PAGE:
Years ago, I read some books by Elisabeth Elliot and fell in love. This beautiful woman wrote about all kinds of things that pertain to life and godliness, keeping Jesus at the center of it all. I soon picked up on a prominent figure in her writing: Amy Carmichael.
Amy Carmichael was one of Elisabeth's spiritual mentors, and I was intrigued by many of the quotes interspersed throughout Elisabeth's writing. I decided to see if I could get my hands of some of Amy's books.
I started out with the ones that were still in print. There were several, probably close to a dozen. Then I started hunting down the out-of-print works. There were a lot more than a dozen. Through the years, I have collected them up. I now have about thirty, many very rare and very, very old.
They are some of my greatest treasures.
I have read almost all of them.
But there is one that I began and put away long ago, because I just could not relate to a lot of it. It is a book Amy wrote while she was bedridden, and the purpose is to be a book from someone who is sick to someone who is sick. Amy was convinced that someone who is well, or who has never experienced great pain and illness, well-meaning though they many be, can simply not minister to the sick in the same way someone who is, or has been sick, can.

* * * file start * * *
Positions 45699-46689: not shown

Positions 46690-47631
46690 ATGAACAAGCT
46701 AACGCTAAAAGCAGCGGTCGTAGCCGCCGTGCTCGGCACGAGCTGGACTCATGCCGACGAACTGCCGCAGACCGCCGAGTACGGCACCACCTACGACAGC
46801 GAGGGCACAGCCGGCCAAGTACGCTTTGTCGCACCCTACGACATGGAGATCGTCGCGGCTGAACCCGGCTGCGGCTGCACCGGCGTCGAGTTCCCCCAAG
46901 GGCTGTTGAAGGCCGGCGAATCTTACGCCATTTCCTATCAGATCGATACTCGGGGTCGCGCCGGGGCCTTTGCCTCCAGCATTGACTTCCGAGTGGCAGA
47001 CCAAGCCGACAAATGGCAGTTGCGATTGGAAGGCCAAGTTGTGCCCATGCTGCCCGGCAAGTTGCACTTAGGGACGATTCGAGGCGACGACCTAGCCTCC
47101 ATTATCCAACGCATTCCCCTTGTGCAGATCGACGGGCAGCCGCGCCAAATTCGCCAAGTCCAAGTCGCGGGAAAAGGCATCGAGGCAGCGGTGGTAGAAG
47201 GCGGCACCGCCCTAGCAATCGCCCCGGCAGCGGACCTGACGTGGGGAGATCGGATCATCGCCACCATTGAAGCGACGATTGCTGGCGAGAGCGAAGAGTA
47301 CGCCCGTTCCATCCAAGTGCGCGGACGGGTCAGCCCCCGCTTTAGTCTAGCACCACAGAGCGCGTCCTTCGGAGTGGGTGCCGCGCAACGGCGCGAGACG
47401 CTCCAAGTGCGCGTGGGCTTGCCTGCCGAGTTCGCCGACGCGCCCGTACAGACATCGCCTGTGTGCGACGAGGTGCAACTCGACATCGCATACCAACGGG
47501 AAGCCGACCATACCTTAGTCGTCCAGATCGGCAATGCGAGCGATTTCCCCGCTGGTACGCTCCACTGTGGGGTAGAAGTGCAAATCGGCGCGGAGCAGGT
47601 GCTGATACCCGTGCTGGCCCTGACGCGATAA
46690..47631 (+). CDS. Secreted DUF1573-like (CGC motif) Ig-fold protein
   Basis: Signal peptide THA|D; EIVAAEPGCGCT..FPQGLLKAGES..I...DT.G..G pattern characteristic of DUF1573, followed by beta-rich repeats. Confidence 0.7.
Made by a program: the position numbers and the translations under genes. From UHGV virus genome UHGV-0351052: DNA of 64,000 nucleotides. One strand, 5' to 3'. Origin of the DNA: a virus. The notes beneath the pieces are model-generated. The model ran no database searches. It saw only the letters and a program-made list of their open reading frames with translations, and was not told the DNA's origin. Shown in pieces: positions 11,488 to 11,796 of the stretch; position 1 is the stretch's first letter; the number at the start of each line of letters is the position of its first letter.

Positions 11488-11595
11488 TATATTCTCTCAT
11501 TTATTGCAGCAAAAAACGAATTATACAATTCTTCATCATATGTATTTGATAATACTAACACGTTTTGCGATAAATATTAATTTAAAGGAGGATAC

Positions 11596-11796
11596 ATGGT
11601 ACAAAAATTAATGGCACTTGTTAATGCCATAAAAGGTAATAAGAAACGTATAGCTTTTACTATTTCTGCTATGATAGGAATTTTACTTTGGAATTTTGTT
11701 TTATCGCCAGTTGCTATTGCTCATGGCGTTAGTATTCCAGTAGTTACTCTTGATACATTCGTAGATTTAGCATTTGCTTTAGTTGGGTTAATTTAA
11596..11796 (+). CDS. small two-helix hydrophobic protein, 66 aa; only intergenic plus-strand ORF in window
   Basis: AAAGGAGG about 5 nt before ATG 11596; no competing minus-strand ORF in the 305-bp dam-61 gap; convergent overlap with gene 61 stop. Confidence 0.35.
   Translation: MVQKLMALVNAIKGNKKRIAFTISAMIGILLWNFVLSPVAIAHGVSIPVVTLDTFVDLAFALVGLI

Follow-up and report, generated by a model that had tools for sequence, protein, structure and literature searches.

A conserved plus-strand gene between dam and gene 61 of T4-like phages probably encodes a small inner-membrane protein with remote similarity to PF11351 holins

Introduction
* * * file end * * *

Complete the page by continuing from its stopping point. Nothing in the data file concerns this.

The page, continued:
I picked it back up the other night, when sleep alluded me, because of pain.
Oh my. She really is right. This book is a powerful salve to the hurting. It is ministering to me on more than on level. I am challenged by the fact that she never doubts the Lord's love, never, through it all. She may have been confused by circumstances from time to time, she certainly admitted she did not have all the answers. But through it all, her faith in a loving, intimate, kind Father, never wavered. She trusted that He would do what was best for His child. She trusted that He loved her, that He was tender towards her.
And now I am trying to do the same as I continue through this lovely little book.